2. It deploys domain shadowing to hide any communication between the cybercriminals automatically serves and the downloader.

3. Ransomware uses an anti-sandboxing mechanism such that it is not traced at all by the antivirus.

4. Command and control servers are encrypted, and it, therefore, becomes difficult to trace the traffic that ransomware is being transferred.

5. It can mutate enough to create a new variant that sticks on the ransomware mission.

6. It employs encrypted payloads that enhances more time for ransomware to unfold as well making it difficult for antivirus to detect it.

Ransomware well-known families existing on the web

There are plenty versions of ransomware on the internet. With their names running with a head such as CryptXXXX:

1. CryptoWall

This ransomware infects businesses, financial institutions, home computers, governments, and other institutions. It results to encrypting necessary files, and the setback is payment for lump sum amount to the makers. CryptoWall has reached its third version (CryptoWall) which cannot be broken by cyber attacks researchers. It spreads through malicious download, spam emails and browser exploit kits.

2. CryptoLocker

CryptoLocker is capable of locking all of your necessary files such as mp3s, movies, documents and images with unbreakable virtual encryption. Its infections were at the peak in 2013, when it infected over 150,000 computers in a month. Crypto mainly targets businesses and the general citizens.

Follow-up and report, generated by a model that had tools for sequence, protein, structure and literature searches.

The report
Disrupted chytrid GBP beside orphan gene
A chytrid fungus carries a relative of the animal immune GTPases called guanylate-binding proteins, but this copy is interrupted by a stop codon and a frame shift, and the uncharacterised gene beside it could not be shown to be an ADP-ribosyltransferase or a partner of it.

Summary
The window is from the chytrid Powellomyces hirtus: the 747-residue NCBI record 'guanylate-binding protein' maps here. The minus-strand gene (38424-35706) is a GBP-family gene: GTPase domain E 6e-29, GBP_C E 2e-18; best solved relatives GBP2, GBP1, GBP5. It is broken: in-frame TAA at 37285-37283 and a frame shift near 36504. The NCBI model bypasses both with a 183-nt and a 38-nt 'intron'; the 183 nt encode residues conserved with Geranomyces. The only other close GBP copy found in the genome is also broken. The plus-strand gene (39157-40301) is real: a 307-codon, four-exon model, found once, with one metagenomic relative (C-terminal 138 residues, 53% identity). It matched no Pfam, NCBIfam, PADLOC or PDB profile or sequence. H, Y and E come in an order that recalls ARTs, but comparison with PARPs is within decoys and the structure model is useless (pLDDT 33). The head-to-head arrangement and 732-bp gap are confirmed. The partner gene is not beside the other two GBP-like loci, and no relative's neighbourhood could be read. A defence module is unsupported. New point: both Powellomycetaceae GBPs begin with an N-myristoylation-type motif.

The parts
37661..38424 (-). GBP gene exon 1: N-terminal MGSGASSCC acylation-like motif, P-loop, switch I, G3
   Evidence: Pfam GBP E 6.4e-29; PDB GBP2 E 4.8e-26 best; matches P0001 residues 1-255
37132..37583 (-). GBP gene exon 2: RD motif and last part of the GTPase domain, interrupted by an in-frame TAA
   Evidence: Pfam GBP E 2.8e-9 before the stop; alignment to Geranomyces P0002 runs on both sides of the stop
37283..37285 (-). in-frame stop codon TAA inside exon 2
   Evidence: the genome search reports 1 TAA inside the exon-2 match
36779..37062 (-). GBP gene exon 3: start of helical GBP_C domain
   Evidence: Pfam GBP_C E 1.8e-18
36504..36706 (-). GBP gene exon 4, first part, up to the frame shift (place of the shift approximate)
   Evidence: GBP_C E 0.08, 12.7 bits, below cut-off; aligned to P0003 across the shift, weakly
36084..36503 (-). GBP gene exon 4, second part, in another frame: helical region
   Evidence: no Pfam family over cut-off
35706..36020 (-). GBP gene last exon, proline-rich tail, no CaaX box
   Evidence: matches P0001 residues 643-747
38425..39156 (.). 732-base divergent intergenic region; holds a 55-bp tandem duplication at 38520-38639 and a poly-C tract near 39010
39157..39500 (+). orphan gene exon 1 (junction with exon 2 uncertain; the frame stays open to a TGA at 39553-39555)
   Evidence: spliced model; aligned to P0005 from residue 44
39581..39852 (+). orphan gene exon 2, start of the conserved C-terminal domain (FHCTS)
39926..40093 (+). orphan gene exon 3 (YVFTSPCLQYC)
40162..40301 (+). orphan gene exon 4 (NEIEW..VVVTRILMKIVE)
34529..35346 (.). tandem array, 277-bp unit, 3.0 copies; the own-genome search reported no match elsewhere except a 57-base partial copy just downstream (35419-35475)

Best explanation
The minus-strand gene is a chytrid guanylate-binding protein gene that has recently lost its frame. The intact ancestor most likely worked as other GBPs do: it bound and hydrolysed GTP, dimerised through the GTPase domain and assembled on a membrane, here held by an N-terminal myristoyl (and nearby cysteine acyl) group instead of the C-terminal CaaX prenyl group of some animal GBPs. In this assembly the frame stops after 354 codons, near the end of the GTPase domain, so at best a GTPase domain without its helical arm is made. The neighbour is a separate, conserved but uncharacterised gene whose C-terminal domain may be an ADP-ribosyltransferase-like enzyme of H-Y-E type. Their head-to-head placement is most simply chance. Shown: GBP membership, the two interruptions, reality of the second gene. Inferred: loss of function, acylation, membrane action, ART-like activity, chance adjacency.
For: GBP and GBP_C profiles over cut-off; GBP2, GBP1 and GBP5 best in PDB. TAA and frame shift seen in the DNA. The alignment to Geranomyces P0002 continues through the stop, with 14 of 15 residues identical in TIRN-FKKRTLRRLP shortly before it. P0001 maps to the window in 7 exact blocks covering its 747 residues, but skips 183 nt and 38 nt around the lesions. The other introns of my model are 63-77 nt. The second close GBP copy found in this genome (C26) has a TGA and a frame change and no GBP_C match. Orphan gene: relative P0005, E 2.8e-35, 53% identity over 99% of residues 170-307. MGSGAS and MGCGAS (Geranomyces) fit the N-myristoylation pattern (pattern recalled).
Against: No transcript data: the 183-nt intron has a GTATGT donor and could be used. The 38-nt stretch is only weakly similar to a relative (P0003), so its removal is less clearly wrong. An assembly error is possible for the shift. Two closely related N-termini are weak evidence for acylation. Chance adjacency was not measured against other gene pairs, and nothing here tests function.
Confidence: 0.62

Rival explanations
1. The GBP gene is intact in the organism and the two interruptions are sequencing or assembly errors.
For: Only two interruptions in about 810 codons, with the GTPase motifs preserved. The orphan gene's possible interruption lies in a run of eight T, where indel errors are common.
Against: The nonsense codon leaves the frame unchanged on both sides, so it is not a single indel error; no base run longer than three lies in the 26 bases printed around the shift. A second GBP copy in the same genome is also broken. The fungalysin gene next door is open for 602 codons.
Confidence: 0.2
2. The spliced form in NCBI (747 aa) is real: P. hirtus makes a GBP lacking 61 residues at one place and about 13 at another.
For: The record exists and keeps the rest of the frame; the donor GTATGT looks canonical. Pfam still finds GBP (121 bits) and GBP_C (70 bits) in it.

3. WannaCry

This was ransomware used to attack windows OS devices in May 2017 in European nations. So far it has infected more than 150 countries, and it keeps spreading each day.

4. Petya ransomware

Petya ransomware infects Master Boot Record for payload and encrypting the available data. Petya ransomware family was discovered in 2016.

5. Uiwix ransomware

It is the most recent development of ransomware trying to imitate the impact that WannaCry had. It can replicate itself, but it does not include a killer switch domain.

6. Locky

Locky came with a bang in February 2016, after its makers and distributors extorted $17,000 from a Hollywood hospital to get back its encrypted files. It has continued to spread across the globe since.

7. Cerber ransomware

It is one of the earliest forms of ransomware encryption malware. The makers have upgraded its features bringing it back to cyber attacks in the first quarter of 2017.

8. TorrentLocker

TorrentLocker sorely depends on spam emails for its distribution. It uses practical grammar to trick citizen to open on malicious such that the makers get step ahead. It has high encryption features with no chances of breaking it at all.